Steel manufacturing has strong foundation in Seaview

Inside the factory at Petone Engineering showing the heavy machinery. banner image

Published: 22 May 2023

Will and Kieran from Petone Engineering showing the team the factory.

The structure of the Naenae Pool and Fitness Centre is rapidly coming together on Everest Ave.

With towering 16-metre concrete panels and manufactured timber beams now in place, the structure is ready for the addition of the roof.

Our goal is to use at least 80% of trades and materials from local businesses, and Petone Engineering in Seaview are making the steel components. They will cut and assemble 215 tonnes of steel for the build, which their team will also install on-site.

With more than 60 employees, Petone Engineering is a leader in structural steel and earthquake strengthening. Production Manager Kieran Houssenloge showed the project team around their 3000-square-metre factory in Seaview.

The steel is preassembled and manufactured onsite then delivered to site and bolted together to form the structure. Kieran says when a fabrication is particularly complex, they’ll do a pre-assembly on site to make sure everything connects.

“We trialled connecting some of the steel knee connections, which weigh about a tonne each, to the glulam (glu-laminated timber) columns here at the factory because …we have more control with the crane without weather being an issue. And then we take them to site and they're all good to go.”

Kieran Houssenloge, a pakeha male wearing a high-vis vest, is standing next to stacked raw steel for the build in the yard.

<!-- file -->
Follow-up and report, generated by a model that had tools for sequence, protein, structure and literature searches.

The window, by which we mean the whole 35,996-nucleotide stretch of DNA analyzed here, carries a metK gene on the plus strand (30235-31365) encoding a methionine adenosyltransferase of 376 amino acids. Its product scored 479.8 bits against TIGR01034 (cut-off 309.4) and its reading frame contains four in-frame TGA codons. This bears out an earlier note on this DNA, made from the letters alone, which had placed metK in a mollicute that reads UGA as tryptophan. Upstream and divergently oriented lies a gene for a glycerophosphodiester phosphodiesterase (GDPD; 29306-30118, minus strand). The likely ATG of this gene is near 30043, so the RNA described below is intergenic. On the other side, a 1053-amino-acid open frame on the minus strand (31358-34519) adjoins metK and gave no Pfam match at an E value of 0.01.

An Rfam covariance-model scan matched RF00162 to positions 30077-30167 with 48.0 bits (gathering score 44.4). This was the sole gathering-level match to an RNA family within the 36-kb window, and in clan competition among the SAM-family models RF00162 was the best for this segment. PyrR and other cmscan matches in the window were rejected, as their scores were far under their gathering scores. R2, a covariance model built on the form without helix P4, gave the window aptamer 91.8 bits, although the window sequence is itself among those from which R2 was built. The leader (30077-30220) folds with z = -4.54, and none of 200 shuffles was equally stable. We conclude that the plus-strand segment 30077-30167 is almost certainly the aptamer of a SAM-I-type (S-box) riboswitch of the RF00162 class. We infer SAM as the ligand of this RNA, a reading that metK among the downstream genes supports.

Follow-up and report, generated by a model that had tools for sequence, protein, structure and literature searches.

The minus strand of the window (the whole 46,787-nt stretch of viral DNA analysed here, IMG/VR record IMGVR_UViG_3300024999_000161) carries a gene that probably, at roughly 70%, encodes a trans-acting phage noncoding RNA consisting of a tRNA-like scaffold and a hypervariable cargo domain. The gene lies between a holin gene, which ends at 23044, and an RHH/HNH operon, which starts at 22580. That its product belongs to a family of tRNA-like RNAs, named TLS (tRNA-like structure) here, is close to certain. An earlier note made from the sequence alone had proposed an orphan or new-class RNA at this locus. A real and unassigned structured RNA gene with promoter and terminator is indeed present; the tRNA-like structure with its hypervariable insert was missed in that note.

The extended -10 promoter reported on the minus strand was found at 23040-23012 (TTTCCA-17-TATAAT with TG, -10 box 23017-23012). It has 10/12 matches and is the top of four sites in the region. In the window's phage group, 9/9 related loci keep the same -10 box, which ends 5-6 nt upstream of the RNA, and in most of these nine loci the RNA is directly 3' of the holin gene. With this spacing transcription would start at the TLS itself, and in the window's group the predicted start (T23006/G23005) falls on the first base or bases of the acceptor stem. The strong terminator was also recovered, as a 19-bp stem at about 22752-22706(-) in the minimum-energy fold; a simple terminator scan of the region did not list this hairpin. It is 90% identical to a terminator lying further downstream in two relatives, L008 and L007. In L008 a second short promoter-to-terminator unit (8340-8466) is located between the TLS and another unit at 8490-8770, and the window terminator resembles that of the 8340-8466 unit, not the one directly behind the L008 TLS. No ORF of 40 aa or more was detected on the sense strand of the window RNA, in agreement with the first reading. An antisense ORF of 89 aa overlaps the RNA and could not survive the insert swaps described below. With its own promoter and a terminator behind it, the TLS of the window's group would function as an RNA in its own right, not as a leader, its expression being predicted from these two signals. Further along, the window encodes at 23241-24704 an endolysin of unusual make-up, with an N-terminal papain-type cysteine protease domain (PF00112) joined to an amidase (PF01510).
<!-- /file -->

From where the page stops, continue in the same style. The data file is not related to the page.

Kieran with the raw steel for the build in the yard.

The steel is International Laboratory Accreditation Cooperation (ILAC)-accredited and imported from countries like Thailand and Australia by Seaview company HJ Asmuss & Co., and all steel is ILAC accredited with a quality control system at the point of manufacture.

“Without that accreditation we wouldn’t bring it into the country - it’s made to our high standards,” says Kieran.

The steel is cut to length, drilled and cut by machines working from computer-generated files. “Not many human hands have to touch the machines to work,” he says. From there, it’s picked up and taken by a crane or trolley to the workstation where all the component parts are put together.

A close up of steel with a QR code attached help trace and track it.

The cut steel with its QR code to help trace and track it.

Each assembled piece is stamped with a QR code, so the team leaders on the worksite assembling the structure can scan the code as they go, and the next stage in the process is recorded.

“Our workflow is recorded in real time, which ticks the boxes on a quality assurance and traceability point of view.”

Kieran says their approach is to put the effort in the developed design stages of the process so towards the end of the project everything should be seamless. “I favour taking just a little bit longer to get the design, so you don't have to do really expensive reworks towards the end.”

He says working on the new pool is something that brings a lot of pride for everybody at Petone Engineering.

“That pride transfers to the workshop environment. The guys have that pride, and they want to come to work because they see the buzz about the job we're doing.”